Maina is a violent robber whose disgust for blood and craving to be loved forces him to quit for a better career. But when Maina lands the job of a matatu driver, he realizes that he has slipped into the underworld bedeviled by corrupt traffic police, city council askaris, and cartels.
Those who have been in the fresh produce business longer are immediately visible: mostly old women in khanga sarongs with weary take-it-or-leave-it voices. They hang out in groups, chatting away constantly,as if they want no quiet where the fragility of their community will reveal itself in the this alien place.
He grew stronger and the weight started coming off. And though he did not time himself, or know how many kilometres he covered, how much weight he lost, he knew that he ran a little further everyday, he did not sweat as much, the aches and pains were more bearable and his body felt lighter.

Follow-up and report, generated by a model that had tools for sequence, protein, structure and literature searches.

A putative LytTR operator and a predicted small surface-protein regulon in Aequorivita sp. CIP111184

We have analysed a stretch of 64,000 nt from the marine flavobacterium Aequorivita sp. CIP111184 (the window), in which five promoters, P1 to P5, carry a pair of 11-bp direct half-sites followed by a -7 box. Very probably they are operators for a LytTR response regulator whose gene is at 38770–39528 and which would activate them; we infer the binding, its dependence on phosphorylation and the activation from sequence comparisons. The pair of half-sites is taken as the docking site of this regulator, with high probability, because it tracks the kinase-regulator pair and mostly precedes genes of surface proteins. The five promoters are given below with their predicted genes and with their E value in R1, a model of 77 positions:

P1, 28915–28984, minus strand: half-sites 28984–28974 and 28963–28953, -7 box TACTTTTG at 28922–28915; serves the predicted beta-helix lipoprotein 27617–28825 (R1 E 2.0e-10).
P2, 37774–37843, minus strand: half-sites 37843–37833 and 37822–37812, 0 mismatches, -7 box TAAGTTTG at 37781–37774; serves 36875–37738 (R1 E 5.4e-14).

Liberian Saah Millimono’s debut is a moving account of a boy’s life in a time of crisi. Tarnue is at times clear-eyed and wise beyond his years, at others bewildered by the impact of national upheaval on his already challenging existence as Charles Taylor’s forces enter Liberia. Millimono’s is a brave, honest voice. With prose that is authentic and spare, this story of one boy caught up in cataclysmic events is a powerful indictment of the trauma, and the pity,of war.